I would certainly encourage my kids to study what they want in college, so long as it teaches critical thinking skills and writing/communication skills. They can develop the technical skills needed for business through internships and leadership development programs, or graduate school in a professional field (medicine, business, law etc).

    Brigid Reply:

    I agree with you, though kind of from the other end of the spectrum. I was a humanities major, and I now work in nonprofit. I do work that makes a difference and fulfills me professionally and personally. I don’t earn anywhere near six figures and probably never will, but I don’t care. Success isn’t just about dollar signs. It’s about living your passion. I always encourage undergrads to study what they love, not just what they think will earn them the most.

    S. Reply:

    Thanks Brigid – I definitely agree with you that success isn’t about a paycheck, but about passion and doing something that you love or brings you joy. Jenna always goes down this “you make MONEY when you aren’t an English major” path and I wanted to show her that the truth is often a bit more grey than she believes. And yes — undergrads should study what they love and what will make them the most well rounded, versatile thinkers. It will serve them well in the long run.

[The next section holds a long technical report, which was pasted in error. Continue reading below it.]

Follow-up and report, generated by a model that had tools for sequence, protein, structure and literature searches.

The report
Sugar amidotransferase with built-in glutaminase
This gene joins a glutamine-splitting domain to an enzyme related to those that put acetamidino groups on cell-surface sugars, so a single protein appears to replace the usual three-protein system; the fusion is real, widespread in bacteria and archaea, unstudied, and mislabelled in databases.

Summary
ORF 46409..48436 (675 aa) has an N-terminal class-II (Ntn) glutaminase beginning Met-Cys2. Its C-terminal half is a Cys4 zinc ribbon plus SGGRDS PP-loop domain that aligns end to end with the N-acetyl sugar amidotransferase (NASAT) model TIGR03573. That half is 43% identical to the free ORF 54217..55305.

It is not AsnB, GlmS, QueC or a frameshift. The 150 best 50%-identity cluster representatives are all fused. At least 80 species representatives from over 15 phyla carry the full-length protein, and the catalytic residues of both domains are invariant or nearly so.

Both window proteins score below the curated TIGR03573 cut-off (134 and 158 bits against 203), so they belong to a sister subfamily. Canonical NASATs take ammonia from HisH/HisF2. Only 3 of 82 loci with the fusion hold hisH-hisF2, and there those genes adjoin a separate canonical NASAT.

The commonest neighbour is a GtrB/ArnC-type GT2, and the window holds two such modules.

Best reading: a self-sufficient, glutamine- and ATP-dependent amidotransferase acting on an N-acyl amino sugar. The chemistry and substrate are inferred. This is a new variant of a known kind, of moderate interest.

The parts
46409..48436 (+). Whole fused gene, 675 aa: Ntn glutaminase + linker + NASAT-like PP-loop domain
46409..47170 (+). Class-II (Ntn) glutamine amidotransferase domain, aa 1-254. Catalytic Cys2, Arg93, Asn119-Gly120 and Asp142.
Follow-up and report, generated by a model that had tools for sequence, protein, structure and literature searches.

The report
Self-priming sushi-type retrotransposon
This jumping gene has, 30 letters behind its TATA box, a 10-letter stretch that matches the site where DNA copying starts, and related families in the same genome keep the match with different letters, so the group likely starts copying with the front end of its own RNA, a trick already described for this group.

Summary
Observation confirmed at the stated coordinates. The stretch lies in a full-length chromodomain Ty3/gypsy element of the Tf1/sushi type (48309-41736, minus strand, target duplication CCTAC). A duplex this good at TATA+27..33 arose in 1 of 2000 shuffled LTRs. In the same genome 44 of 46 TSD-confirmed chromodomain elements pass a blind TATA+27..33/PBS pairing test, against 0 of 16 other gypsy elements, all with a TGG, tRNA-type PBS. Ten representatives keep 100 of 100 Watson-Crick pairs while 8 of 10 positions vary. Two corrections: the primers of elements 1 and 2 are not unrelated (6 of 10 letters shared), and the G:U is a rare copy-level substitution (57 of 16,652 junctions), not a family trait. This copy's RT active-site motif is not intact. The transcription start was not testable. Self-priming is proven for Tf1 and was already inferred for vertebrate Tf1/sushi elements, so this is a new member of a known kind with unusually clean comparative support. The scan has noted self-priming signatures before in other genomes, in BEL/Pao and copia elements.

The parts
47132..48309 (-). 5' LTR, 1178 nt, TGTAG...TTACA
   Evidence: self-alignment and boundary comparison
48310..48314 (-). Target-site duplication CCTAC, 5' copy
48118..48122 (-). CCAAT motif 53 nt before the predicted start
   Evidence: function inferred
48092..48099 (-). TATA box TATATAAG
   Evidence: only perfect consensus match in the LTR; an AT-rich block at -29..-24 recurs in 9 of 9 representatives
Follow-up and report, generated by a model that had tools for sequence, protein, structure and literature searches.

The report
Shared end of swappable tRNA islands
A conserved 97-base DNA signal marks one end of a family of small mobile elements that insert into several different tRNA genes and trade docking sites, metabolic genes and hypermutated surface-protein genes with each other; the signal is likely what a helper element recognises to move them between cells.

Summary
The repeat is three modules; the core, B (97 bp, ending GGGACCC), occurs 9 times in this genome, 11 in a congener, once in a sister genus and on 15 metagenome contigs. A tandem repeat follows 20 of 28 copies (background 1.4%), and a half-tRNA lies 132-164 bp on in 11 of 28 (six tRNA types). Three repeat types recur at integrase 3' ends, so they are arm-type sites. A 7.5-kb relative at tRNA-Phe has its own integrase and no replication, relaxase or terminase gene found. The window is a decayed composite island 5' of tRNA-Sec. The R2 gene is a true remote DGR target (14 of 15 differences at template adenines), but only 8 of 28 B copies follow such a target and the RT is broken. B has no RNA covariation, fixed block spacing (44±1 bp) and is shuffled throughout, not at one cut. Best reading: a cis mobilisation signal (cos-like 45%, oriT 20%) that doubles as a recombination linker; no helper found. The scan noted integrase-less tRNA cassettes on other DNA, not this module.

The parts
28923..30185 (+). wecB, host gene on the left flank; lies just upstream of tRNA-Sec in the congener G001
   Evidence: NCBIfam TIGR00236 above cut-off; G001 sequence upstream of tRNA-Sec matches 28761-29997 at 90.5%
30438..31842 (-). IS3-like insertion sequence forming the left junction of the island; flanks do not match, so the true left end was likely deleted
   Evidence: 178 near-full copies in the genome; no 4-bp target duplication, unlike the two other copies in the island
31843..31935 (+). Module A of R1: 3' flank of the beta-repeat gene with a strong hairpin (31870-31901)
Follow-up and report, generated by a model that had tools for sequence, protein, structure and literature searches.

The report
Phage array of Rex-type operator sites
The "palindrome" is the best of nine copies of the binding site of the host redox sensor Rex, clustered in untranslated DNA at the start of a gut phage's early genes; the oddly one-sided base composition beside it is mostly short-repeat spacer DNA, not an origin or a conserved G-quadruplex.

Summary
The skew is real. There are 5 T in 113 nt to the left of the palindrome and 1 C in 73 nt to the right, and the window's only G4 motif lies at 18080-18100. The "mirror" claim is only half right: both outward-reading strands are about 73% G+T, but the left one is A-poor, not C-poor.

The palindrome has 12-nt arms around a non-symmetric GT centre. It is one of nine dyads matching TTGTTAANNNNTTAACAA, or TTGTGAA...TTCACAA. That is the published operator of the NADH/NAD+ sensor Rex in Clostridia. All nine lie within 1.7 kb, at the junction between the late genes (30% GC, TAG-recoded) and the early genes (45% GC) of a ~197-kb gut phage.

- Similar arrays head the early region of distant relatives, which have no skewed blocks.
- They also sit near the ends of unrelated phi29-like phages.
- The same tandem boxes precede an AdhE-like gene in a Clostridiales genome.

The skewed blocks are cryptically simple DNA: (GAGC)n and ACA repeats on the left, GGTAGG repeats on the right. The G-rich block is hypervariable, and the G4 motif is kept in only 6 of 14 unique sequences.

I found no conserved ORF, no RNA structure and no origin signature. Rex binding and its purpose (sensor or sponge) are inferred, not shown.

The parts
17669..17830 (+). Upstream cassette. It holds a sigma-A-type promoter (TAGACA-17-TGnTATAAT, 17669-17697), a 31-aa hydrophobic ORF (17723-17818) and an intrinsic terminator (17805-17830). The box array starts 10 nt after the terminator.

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  28. Thank you for this post, Jenna. I am many things – a mom, a blogger, a photographer, a bon vivant (not really, but I wanted to say that – ha ha).

    When people ask me what I do, I usually say, “I’m a writer”, because honestly, it’s just easier. Actually, I do my writing and the majority of my work while my child is sleeping at night – the rest of my day is devoted to him and will be until he is in school full-time this Fall.

    This afternoon I was at the park with my son and watched some full-time nannies with their charges. My thoughts about watching them have fun with these kids was, why would a mother give up on these joyful moments and hire someone else to raise their kids? But, different strokes for different folks.

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  29. You’re not ‘just a mom’. You’re the CEO of your home and a child care specialist!